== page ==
Back in 1995, a game came out that turned First Person Shooters on their side. In fact, it turned them on all their sides. Descent brought 360º movement to the genre, and it took the world by storm. That same year, just a few months later, Psygnosis threw their hat into the ring with Pyrotechnica. How did it turn out? Read on.
Deep in the cores of ancient stars, civilizations long dead have left behind information capsules. These capsules are valuable, and space stations have been built at various locations so that the capsules can be retrieved. However, inside the stars are alien defenses called Adherents, and they're meant to protect these capsules. The Wingmen who went in the star cores wound up being captured, and it's your job to pilot your way through the mazes of tunnels and rooms as you go deeper into the red star, take out the defenses, and rescue the Wingmen to aid you on your journey.
The colors are vivid, there's garoud shading on the ships, and there are some nice lighting effects when things explode. The levels are comprised of black, with colored squares that line the edges of tunnels and openings, some of which animate like a theater marquee. One could argue that the graphics are done this way in an artistic fashion, and say that the tiny bullets and repeating-circle missiles back that up. In short, the game has a certain style in its minimalistic approach, and the ships have some decent designs.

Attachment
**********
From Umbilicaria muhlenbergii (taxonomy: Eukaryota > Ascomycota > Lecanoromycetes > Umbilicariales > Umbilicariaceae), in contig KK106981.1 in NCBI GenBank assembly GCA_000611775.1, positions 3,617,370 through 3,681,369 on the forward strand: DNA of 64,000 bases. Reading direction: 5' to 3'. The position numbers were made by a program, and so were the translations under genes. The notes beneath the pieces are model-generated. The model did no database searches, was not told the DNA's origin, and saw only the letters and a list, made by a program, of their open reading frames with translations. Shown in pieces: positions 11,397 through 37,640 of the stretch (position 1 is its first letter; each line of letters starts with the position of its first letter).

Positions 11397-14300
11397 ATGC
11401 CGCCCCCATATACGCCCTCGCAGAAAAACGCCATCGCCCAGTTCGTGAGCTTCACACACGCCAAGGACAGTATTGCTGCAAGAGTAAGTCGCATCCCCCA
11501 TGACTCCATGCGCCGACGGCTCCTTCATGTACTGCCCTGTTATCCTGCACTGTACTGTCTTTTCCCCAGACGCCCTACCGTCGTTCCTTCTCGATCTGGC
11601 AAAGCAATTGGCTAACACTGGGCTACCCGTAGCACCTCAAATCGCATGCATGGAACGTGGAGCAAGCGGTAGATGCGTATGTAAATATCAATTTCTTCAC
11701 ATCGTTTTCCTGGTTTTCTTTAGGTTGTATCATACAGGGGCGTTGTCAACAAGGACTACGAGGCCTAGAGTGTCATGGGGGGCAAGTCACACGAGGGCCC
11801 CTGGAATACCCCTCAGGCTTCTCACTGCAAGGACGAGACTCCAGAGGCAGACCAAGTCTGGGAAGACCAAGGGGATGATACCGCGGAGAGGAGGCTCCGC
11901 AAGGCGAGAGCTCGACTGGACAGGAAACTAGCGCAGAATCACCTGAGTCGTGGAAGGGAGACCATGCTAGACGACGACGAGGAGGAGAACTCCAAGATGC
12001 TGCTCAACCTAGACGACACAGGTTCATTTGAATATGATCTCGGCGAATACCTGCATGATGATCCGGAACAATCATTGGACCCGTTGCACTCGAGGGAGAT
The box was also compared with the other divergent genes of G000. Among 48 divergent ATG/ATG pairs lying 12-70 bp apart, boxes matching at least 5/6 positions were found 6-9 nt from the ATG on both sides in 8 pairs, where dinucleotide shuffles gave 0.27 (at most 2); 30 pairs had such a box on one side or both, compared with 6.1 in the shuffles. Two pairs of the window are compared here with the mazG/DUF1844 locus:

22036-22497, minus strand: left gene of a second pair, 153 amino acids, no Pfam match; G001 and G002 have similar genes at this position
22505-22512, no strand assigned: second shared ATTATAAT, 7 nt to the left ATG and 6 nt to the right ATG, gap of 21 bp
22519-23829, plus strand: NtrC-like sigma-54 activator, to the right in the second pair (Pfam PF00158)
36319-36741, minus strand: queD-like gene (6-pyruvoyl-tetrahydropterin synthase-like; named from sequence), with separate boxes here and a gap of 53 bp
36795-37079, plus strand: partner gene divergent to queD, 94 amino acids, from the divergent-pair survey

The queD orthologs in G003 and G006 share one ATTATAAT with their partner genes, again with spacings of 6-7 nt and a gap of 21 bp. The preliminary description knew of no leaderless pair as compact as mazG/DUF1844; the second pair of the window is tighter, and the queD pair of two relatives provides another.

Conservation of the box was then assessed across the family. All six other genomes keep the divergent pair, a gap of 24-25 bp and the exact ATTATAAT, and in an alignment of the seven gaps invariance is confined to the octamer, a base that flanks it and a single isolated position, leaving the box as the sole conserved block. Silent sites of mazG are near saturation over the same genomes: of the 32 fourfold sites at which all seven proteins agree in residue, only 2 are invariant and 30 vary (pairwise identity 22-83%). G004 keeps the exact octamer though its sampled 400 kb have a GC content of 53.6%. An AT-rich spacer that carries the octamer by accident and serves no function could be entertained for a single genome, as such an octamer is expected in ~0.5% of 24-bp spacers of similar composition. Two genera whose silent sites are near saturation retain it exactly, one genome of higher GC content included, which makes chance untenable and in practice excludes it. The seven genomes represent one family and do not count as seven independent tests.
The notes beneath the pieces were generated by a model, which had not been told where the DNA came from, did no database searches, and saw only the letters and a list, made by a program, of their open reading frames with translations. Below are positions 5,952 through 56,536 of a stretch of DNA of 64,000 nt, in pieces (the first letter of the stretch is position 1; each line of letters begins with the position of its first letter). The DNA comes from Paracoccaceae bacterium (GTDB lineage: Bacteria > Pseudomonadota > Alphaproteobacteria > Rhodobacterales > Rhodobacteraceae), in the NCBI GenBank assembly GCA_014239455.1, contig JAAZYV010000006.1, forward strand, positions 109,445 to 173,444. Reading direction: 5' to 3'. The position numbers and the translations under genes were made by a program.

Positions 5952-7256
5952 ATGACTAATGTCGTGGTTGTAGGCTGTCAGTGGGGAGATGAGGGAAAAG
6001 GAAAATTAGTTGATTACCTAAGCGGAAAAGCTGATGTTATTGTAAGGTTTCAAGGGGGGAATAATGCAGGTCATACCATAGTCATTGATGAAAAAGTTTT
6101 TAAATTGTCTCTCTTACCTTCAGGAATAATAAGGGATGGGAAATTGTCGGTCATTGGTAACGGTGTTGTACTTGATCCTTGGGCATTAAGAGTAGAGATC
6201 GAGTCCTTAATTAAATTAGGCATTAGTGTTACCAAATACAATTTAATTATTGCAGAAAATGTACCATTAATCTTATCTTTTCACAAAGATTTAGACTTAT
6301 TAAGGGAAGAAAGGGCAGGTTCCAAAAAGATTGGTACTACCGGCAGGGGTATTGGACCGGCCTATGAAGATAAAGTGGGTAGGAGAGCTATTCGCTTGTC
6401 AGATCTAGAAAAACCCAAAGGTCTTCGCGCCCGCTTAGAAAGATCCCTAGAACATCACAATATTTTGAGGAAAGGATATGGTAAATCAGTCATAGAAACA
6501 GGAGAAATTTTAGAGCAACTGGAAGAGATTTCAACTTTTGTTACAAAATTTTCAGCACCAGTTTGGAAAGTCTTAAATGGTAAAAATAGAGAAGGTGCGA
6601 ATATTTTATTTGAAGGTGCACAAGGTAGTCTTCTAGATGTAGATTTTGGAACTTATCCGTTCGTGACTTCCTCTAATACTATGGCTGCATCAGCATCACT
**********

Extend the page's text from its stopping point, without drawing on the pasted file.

Aurally, the game is quite good. The tunes created are nice and pleasant to listen to, and while they won't make you tap your foot, they work to create an atmosphere. The sound effects are varied and of good quality. From lasers, to rapid fire gun turrets, to explosions, they sound good. Overall, the sound design is well done, and does the job nicely.
Your goal is to make your way through each level alive, while accomplishing sub-missions along the way (namely, rescuing Wingmen). The controls are a little floaty, but they fit considering you're supposed to be in zero gravity. Your shield doesn't take many hits before it's drained. And when it's gone, you're open to damage that will occur very quickly unless you can speed off to relative safety. Thankfully, there are some repair gates scattered around the levels to help with ship damage, and your shield also regenerates over time. You have a selection of four different guns, four different secondary weapons, and this, coupled with some power up gates, gives you virtually all the weapons you'll need to survive right from the get go. This is a nice change from Descent's more “collect stuff” weaponry setup, as is the fact that all your weapons and countermeasures recharge. Yes, you have counter measures for the missiles the enemies fire at you. It gives the game a slight simulation touch, as does the ability to eject in an escape pod (which you continue fighting in, though with less weaponry). This helps expand the arcade-like nature of game by giving it a little more depth. Finally, as you go from one stage to the next, you encounter layouts that grow more devious in their designs. They never reach the mind-bending insanity of the Descent series, but they can still prove to be tricky, and give you problems.
In the end Pyrotechnica is a game that's fun to play with nice music, short yet challenging levels, and a healthy weapon selection. A 90s gem.